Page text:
Uniloc USA, Inc. v. Microsoft Corp.

January 12, 2011 – Blog Post

In a ruling affecting patent infringement damages calculations, the Federal Circuit issued its opinion in Uniloc v. Microsoft on Tuesday, January 4. The court reviewed the propriety of using the 25 percent rule and the application of the entire market value rule in calculating damages, affirming a district court grant of a new trial on damages.

Plaintiff Uniloc brought suit against Microsoft, alleging that Microsoft incorporated Uniloc’s patented software anti-piracy technology in its Office and Windows programs. The Federal Circuit here reversed a district court grant of Judgment as a Matter of Law of non-infringement, in favor of a jury’s infringement verdict, making damage calculations pertinent.

At trial, the jury awarded $388 million to Uniloc based on Uniloc’s expert witness’s opinion that reasonable royalty damages would amount to nearly $565 million. To calculate this number, the expert cited a Microsoft document valuing each technology use minimally at $10, applied a 25 percent rule of thumb to give a minimum per-use royalty value of $2.50, and multiplied that per-use royalty by Microsoft’s nearly 226 million accused sales of Office and Windows. The expert then used the entire market value rule and “checked” his $565 million figure against the accused products’ gross revenue of over $19 billion, finding that his royalty calculation was 2.9% of the gross revenue. Microsoft challenged both the 25 percent rule of thumb and the entire market value rule in a motion for a new trial on damages. The district court granted the motion, and Uniloc appealed the decision to the Federal Circuit.

The Federal Circuit noted that trial courts have often used the 25 percent rule of thumb as the district court did here to calculate a reasonable royalty, the minimum damages for infringement as required by 35 U.S.C. § 284. Then the Federal Circuit weighed various scholarly opinions concerning the positive and negative aspects of using a uniform 25 percent rule of thumb to calculate damages, ultimately holding that the 25 percent rule of thumb is fundamentally flawed. The court found that using this rule is “far more unreliable and irrelevant” than calculating damages based on the parties’ unrelated licenses, which at least consider the same general industry or some of the same parties, but which still cannot properly support damages calculations. Because courts must exclude expert testimony that applies a general theory that is not tied to the case, the Federal Circuit declared evidence relying on the 25 percent rule of thumb to be inadmissible. The court therefore held that Microsoft should receive a new trial on damages issues.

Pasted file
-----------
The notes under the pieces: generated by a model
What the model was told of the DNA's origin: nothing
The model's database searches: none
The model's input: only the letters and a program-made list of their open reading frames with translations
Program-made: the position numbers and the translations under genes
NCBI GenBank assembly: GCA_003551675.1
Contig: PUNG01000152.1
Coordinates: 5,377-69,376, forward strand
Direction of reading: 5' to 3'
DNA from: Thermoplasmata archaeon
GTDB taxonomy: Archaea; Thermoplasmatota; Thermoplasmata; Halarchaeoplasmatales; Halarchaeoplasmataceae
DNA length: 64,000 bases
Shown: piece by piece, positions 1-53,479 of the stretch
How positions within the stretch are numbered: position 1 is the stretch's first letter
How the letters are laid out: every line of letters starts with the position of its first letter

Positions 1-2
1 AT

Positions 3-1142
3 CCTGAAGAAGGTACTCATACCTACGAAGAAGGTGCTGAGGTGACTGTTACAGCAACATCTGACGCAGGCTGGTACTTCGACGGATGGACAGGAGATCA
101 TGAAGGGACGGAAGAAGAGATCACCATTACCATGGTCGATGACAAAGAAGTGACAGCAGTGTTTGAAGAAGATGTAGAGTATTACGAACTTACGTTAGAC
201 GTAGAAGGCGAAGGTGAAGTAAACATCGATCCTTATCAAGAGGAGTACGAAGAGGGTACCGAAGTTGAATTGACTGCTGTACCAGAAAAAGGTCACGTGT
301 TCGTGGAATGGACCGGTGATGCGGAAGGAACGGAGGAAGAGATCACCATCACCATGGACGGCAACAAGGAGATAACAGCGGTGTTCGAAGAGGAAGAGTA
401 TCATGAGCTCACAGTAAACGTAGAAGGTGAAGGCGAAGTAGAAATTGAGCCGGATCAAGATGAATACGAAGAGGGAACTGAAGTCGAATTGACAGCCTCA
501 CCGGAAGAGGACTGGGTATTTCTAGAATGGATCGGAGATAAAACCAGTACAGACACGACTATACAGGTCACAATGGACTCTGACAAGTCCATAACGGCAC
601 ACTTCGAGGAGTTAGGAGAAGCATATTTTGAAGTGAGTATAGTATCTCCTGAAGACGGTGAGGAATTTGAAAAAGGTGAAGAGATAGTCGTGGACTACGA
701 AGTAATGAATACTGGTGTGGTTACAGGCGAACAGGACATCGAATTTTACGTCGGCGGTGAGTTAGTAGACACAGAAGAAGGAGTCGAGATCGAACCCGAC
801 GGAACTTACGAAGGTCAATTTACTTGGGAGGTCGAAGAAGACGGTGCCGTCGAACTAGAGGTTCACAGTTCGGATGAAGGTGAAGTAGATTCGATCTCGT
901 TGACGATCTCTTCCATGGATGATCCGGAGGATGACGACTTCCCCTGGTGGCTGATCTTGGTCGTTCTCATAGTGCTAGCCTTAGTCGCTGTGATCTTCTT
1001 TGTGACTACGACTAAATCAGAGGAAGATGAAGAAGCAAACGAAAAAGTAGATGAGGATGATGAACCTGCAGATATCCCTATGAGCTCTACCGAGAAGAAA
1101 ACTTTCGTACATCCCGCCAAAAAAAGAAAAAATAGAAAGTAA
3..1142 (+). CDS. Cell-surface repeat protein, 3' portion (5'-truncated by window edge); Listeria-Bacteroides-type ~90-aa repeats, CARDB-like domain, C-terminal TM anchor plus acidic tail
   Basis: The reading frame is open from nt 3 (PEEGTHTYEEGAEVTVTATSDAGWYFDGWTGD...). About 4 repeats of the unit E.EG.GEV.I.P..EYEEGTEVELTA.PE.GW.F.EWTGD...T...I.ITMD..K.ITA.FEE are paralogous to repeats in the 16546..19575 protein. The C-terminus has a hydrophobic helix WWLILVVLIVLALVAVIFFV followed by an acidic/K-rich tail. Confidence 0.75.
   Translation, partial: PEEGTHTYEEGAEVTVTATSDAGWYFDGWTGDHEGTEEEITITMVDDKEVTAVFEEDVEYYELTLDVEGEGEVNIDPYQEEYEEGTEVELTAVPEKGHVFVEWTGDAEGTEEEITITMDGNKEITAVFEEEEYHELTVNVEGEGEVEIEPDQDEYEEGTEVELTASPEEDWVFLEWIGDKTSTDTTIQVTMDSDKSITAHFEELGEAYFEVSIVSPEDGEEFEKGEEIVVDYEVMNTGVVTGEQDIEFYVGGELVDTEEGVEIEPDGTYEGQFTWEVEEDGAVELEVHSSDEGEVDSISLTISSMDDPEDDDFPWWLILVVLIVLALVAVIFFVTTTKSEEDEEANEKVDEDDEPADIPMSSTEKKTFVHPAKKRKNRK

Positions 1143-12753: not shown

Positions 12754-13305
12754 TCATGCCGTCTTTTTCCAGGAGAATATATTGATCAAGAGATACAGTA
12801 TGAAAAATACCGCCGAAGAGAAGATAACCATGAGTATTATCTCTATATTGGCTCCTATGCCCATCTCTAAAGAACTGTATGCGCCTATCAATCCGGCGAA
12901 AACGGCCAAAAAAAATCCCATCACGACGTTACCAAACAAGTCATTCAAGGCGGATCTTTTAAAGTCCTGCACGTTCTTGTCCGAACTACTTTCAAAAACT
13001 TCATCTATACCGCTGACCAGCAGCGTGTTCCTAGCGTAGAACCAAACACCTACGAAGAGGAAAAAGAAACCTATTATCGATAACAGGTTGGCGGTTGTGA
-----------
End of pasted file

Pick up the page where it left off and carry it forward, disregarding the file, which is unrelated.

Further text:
Because the patented software anti-piracy features here did not create the basis for consumer demand or the value of the component parts for Office and Windows, the Federal Circuit also agreed with the district court and Microsoft that the entire market value rule was inapplicable to this case. The court ruled that even with a very low royalty percentage of the entire market value or even used only as a “check,” the entire market value rule still improperly brings irrelevant valuations into damages determinations where the infringement does not create the basis for consumer demand. The Federal Circuit thus upheld the district court’s grant of a new trial on damages to exclude the entire market value evidence.

Plaintiffs to infringement suits cannot base the damage amounts they seek on generally-accepted but arbitrary percentages not connected to their case. Unless they can show a connection between a 25% royalty rate and their particular case, plaintiffs cannot use the previously common 25% rate to calculate the damages sought. Courts will much more likely award the plaintiff’s calculated infringement damages where those calculations invoke related licensing agreements, for which the royalty rates are probably negotiated, reasonable, market-price rates. Patent holders may even wish to consider these royalty-based methods of calculating damages when negotiating licenses, because the license royalty rates may later persuade a court to award infringement damages based on comparable rates. This ruling may also complicate damages arguments in litigation because parties will dispute the relevance of different license agreements, which would not be an issue with a standard 25% royalty rate. Regardless, as Microsoft deputy general counsel David Howard stated in a Wall Street Journal article on the case, the end of the 25 percent rule of thumb “may signal the end of unreasonable and outsized damages awards based on faulty methodology.”